CHESTNUT HILL, MA (9-7-05)—Boston College has accepted 150 displaced undergraduate students from Loyola and Tulane universities in New Orleans through its Woods College of Advancing Studies, the University announced today. The students have been accepted as visiting students on a non-matriculating basis and will return to their respective universities once they re-open.

To accommodate the students, University President William P. Leahy, SJ, worked with Boston Mayor Thomas M. Menino to provide temporary, emergency housing for 100 students at St. William’s Hall on BC’s Brighton Campus. The students will be provided for and supervised by the University’s Residential Life staff.

“So many people are in great need, and the BC community wants to help students to continue their studies while the relief efforts take place,” said Fr. Leahy. “We hope our actions will provide a small measure of hope for people who have suffered so much.”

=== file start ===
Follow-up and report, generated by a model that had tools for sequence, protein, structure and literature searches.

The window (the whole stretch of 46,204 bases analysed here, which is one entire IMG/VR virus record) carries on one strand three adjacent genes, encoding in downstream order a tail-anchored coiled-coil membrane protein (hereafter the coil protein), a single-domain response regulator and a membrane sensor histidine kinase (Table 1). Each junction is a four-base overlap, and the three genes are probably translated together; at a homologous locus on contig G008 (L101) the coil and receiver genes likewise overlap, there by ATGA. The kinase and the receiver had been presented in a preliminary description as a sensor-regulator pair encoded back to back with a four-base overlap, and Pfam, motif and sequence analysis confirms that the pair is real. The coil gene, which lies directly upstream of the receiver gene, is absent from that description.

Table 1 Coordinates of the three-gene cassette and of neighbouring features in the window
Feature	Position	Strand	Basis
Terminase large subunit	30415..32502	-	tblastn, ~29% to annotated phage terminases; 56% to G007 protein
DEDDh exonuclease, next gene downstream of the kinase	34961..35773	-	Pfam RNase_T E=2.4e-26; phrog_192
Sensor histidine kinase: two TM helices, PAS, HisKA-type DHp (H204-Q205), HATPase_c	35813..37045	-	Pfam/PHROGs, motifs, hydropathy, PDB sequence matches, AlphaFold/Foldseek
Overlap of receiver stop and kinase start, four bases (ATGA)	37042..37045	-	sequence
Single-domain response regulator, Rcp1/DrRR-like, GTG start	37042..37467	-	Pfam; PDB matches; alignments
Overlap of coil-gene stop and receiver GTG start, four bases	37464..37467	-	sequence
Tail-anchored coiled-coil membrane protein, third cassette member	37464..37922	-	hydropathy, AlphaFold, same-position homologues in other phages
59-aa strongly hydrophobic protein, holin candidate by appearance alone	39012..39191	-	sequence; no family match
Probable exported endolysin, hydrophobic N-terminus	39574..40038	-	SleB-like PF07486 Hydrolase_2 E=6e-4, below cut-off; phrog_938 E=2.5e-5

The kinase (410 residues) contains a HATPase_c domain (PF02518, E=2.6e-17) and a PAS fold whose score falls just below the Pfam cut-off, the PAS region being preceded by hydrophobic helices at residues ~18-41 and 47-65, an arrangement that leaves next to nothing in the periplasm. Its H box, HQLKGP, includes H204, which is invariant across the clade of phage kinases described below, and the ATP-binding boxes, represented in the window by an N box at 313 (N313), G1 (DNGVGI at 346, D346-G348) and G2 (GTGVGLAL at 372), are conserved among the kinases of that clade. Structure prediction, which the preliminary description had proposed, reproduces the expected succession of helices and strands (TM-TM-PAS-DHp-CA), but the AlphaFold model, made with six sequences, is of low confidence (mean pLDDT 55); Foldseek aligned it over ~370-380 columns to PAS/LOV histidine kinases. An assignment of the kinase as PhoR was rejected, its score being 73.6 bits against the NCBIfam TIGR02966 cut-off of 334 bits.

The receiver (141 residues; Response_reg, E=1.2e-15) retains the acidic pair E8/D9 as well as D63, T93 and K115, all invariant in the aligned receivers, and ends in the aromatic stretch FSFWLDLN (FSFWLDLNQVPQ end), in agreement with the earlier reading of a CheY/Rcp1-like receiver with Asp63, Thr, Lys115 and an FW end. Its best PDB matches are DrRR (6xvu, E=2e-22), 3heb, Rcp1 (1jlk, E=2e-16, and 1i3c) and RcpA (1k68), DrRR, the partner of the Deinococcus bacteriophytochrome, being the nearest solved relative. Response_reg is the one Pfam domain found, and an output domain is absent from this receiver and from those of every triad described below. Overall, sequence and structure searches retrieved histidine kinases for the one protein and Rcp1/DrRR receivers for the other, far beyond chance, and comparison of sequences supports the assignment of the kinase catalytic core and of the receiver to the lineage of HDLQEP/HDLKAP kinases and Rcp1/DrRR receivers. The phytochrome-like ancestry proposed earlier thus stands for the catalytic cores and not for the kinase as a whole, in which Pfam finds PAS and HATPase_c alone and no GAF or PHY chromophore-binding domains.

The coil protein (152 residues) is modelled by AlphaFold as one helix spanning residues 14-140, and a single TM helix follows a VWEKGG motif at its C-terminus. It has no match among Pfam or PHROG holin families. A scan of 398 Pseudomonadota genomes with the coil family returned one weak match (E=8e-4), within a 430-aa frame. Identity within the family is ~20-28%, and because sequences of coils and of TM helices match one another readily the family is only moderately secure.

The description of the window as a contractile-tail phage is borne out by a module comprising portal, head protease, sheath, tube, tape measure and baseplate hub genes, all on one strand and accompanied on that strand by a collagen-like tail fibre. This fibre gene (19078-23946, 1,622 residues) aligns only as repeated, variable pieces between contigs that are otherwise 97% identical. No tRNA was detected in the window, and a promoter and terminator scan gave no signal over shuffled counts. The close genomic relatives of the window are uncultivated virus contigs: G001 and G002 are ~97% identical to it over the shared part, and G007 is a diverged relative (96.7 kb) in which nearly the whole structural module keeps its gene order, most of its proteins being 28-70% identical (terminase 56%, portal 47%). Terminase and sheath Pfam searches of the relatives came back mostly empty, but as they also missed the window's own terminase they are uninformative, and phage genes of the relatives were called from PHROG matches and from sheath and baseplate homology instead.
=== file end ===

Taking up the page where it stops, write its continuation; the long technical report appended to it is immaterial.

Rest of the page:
In addition to the University’s outreach to undergraduate students, BC Law School has accepted more than a dozen second and third year law students and the Graduate School of Social Work, the Carroll Graduate School of Management, the Lynch School of Education and the Graduate School at the College of Arts & Sciences have also accepted students from Gulf Coast region schools.

Boston College will also conduct a special collection for victims of Hurricane Katrina during the BC-Army football game on September 10. Members of the BC community have also been encouraged to make donations to the American Red Cross and Catholic Charities and prayers will be offered for the victims and their families during all Masses celebrated on campus during the month of September.

“The experience of being uprooted from my job, my university and my home is so disturbing and confusing,” said New Orleans resident Evan Clary, a newly enrolled student in the Lynch School of Education’s graduate program, who was teaching and doing graduate study in New Orleans when the hurricane struck. “I feel so fortunate to have a place to go, and what Boston College and its fellow Jesuit schools have done has provided a continuity and stability that is both psychologically and academically rewarding. They could not have been more gracious hosts.”